How to Interrupt the “Vicious Cycle of Inherited Wealth:” A Conversation with Iris Brilliant
For wealth inheritors, having access to a large sum of money they did not earn is a privilege, but often comes with mixed emotions and a deep sense of responsibility. Acknowledging and building a healthy and transparent relationship to wealth can help improve personal and family relationships, deepen connections in community, and ultimately promote greater, and more equitable redistribution of philanthropic dollars. NCFP Program Manager Britt Benavidez sat down with Iris Brilliant to learn more about her experiences and recommendations for next generation philanthropists. Brilliant leans on her own experiences as a wealth inheritor to coach other inheritors to develop a healthier relationship to wealth and break out of the “vicious cycle of inherited wealth.”
Can you tell me more about yourself and how you got into this coaching role?
I’m from the Bay Area in California and I’m the first person in my family lineage to really grow up wealthy. When I was first introduced to institutional philanthropy, I felt such a strong disconnect in those spaces because I noticed the loud absence of the communities that these institutions were funding and how all decisions were being made for other people behind closed doors. I started to put language to that discomfort. Once I inherited wealth, right after college, I realized I needed to put my money where my mouth is and begin to discover what it means to really align my wealth with my social justice values. I began to support wealthy people to take more courageous steps with their money, and to find more peace within themselves.
What are some of the challenges that you’re seeing these wealth inheritors face?
Most of my clientele are inheritors with social justice values. They often grapple with wanting material comforts while knowing they did not contribute to earning their wealth. This knowledge that they have inherited wealth that was not created by their own skills, talent, or effort often creates a deep insecurity.
They also have challenges in how they relate to their careers, especially if they have inherited enough money to not need to work. Many inheritors wait around for the perfect job and get stuck in this hamster wheel of waiting and overthinking, all the while not developing any work-related skills, and then becoming fundamentally disconnected from the rest of society and dissatisfied in their lives.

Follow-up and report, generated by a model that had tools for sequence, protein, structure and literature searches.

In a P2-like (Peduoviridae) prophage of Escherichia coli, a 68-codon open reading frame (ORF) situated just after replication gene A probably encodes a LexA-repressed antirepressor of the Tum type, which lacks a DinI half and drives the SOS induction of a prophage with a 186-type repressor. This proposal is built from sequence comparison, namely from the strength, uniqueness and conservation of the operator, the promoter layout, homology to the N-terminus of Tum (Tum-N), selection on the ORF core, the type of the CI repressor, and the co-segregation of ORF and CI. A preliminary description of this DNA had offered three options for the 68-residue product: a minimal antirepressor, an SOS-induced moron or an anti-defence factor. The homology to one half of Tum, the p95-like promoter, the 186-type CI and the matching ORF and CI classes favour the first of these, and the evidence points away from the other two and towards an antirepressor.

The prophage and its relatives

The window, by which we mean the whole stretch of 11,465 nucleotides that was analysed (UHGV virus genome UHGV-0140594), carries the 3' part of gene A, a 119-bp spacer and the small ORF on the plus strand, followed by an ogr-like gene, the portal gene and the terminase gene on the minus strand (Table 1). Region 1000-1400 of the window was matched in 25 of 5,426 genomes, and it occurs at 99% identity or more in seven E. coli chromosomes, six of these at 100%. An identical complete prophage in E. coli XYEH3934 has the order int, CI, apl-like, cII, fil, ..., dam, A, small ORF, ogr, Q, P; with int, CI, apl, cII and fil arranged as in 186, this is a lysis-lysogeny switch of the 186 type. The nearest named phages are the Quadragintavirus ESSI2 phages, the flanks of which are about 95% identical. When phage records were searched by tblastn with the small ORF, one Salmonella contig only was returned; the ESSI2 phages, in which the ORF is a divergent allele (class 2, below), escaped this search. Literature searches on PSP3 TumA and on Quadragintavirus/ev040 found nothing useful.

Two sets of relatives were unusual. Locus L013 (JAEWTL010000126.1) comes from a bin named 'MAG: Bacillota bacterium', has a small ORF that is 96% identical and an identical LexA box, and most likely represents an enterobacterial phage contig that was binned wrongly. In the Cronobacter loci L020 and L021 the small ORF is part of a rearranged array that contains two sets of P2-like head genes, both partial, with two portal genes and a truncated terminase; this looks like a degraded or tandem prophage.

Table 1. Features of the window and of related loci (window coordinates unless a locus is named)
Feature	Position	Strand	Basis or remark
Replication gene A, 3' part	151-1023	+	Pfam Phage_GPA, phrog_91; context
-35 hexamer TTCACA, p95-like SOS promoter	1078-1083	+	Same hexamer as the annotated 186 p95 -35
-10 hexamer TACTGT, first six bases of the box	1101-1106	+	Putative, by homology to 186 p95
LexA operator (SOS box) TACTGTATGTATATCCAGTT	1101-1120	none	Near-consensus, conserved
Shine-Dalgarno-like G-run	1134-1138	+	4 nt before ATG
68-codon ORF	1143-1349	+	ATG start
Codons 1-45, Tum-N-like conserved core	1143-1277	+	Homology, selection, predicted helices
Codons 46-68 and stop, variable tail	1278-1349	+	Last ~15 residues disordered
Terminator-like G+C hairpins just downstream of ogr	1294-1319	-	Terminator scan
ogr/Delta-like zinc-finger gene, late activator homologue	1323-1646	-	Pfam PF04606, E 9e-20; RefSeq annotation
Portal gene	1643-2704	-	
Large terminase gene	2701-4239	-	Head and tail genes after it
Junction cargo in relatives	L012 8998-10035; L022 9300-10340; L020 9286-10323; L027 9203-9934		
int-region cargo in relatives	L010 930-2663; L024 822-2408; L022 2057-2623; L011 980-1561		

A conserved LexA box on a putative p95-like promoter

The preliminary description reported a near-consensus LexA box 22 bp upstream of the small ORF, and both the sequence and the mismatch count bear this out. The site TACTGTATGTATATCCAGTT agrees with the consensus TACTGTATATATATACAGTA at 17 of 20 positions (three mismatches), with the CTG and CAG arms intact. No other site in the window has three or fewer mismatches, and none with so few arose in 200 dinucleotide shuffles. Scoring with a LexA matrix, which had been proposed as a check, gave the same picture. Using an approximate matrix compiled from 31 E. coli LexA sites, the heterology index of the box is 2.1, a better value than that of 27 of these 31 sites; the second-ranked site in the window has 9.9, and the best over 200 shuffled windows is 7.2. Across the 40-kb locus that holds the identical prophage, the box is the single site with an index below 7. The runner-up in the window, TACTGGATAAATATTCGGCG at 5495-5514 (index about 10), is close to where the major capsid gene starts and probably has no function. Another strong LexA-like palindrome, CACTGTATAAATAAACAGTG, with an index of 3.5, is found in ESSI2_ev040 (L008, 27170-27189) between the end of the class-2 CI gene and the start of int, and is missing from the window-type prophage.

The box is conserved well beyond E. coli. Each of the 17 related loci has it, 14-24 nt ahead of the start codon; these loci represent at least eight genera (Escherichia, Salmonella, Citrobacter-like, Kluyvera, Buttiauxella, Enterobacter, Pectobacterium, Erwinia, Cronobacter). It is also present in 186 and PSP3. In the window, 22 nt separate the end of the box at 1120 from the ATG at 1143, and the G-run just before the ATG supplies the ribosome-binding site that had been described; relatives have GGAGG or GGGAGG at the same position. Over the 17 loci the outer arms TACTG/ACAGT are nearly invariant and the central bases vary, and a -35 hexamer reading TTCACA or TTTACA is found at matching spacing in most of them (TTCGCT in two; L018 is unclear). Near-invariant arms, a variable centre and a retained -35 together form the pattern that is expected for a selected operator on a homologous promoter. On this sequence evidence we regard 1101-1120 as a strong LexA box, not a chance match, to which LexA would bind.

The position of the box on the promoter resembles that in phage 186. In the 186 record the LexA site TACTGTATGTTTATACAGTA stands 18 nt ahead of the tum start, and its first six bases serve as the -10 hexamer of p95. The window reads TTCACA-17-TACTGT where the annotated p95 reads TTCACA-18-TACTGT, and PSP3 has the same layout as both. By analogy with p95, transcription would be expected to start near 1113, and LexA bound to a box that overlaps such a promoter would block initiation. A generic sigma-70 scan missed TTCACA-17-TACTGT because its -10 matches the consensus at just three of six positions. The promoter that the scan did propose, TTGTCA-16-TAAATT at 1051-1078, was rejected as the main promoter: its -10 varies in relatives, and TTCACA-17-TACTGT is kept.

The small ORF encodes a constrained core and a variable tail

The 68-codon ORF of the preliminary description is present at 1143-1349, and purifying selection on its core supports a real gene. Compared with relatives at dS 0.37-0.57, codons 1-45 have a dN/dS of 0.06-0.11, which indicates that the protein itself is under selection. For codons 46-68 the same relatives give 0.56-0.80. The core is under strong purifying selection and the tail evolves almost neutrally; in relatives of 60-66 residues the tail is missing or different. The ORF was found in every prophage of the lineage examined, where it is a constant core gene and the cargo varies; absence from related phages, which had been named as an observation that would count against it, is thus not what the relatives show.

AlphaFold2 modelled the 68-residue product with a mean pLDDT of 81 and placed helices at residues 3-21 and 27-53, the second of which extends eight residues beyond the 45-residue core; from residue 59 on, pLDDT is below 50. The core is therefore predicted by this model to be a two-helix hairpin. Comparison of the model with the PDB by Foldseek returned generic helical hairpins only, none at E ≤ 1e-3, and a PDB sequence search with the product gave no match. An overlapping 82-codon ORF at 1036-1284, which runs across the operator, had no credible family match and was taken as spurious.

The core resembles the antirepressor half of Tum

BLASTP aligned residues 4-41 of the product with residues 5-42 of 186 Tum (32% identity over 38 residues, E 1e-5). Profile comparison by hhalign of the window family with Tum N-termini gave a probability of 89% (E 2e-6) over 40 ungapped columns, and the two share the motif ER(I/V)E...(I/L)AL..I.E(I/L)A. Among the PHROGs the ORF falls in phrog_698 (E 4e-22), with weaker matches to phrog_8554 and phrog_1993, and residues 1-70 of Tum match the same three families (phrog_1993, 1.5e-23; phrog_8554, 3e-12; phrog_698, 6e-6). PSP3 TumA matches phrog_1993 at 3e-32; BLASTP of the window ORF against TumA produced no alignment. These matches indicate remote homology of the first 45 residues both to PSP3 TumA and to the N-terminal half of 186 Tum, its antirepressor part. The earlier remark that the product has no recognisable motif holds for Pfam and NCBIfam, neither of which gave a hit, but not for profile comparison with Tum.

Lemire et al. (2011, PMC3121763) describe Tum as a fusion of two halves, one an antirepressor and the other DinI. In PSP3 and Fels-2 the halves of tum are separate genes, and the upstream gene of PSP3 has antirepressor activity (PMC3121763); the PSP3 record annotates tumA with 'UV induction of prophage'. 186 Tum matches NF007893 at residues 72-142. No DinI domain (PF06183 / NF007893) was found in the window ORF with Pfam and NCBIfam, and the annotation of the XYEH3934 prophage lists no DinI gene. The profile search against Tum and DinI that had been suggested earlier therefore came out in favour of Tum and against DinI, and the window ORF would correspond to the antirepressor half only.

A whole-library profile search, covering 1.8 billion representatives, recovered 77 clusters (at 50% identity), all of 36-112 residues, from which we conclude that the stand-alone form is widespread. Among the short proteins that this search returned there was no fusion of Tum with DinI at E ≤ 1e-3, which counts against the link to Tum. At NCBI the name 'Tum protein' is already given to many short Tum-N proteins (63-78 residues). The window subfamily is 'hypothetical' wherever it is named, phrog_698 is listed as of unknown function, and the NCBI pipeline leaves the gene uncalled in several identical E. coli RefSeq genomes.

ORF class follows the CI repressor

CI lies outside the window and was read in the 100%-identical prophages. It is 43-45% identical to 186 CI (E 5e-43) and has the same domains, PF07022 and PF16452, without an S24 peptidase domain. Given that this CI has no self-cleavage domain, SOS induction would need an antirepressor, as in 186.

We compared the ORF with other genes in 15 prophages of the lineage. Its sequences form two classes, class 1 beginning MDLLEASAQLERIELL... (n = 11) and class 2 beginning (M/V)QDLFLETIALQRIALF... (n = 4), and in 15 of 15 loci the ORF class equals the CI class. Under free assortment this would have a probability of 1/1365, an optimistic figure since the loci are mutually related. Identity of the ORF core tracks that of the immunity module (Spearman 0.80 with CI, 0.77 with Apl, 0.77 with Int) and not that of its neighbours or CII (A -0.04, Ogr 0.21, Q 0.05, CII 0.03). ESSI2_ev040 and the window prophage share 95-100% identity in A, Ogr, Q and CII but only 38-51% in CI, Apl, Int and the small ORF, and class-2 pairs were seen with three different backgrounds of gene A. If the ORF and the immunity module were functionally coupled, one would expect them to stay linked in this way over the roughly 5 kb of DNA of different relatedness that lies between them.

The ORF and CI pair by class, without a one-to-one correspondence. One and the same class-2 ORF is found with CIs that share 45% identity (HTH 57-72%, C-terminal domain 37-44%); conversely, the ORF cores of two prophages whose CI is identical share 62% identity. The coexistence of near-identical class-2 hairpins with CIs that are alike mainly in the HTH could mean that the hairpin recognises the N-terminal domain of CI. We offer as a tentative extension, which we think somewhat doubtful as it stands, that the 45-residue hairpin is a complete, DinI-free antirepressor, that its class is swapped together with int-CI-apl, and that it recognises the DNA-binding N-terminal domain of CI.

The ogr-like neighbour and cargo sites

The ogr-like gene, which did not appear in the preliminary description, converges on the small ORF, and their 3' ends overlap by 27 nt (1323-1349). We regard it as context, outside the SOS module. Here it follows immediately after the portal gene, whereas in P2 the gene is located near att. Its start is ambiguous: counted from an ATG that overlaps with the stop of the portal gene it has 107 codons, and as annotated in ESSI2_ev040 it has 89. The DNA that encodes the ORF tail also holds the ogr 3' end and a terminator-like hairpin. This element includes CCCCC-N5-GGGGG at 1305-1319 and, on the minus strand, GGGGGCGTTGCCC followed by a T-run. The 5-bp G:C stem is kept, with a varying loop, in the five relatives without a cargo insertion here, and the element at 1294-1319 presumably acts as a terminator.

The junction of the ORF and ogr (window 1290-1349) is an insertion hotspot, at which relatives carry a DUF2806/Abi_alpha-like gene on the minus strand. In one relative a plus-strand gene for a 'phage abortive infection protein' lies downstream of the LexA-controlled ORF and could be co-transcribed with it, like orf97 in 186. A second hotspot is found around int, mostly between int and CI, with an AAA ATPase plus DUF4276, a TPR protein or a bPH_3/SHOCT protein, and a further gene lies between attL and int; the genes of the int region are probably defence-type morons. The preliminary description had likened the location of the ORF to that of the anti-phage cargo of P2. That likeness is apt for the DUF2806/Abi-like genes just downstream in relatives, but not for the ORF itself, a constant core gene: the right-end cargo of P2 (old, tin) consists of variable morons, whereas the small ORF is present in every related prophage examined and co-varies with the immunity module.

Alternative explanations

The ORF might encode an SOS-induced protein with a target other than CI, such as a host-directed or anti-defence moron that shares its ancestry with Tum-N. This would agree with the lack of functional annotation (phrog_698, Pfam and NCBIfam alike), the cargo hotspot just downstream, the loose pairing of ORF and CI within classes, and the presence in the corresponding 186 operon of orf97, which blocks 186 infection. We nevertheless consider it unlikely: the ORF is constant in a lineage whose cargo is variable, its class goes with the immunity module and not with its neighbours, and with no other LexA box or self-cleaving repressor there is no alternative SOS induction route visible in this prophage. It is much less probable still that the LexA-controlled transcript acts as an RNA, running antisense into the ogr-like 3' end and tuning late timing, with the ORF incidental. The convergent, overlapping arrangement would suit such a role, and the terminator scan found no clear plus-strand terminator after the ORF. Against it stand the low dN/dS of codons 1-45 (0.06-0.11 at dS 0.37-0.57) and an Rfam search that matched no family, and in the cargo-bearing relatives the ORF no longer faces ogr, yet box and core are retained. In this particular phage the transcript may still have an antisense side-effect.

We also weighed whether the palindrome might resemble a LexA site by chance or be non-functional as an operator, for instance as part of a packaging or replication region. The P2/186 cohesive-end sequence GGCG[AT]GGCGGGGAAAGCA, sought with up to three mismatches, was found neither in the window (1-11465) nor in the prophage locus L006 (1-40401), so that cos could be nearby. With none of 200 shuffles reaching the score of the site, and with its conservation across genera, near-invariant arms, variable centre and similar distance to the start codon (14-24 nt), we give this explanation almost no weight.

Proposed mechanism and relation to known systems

Many inheritors also struggle with a fear that others will exploit them for their wealth. Some are just friends with other wealthy people to ease that fear. Many fall in love with people who aren’t wealthy, but then must confront the incredibly uncomfortable stuff that comes up when you tell someone else that you have a trust fund or that you’ve inherited millions of dollars.
All of these challenges can lead to people feeling stuck and inadequate. It especially makes it harder to understand, “Why am I feeling depressed or anxious when I’ve had such a good life when I’ve been raised with so much privilege?”
How do you define a healthy relationship to wealth?
I think a healthy relationship to wealth is an open hand. Your job is to keep the money moving. Edgar Villanueva teaches us that in his book Decolonizing Wealth that still water gets stagnant, allowing bacteria to grow in it, and then nobody can drink from it. So a healthy relationship to wealth is to keep it moving, not get attached to it, and instead to support it flowing to where it wants to flow.
What are the ways that that wealth can or does interfere with family relationships?
When your parents are your source of money, it introduces an aspect of power in the relationship, whether or not that was the intention of the parents. It makes it hard for inheritors to figure out what type of relationship they want to have with their family of origin and to find their own footing. There’s also so much pressure that comes when your parents have been incredibly successful, even if your parents aren’t directly pressuring you.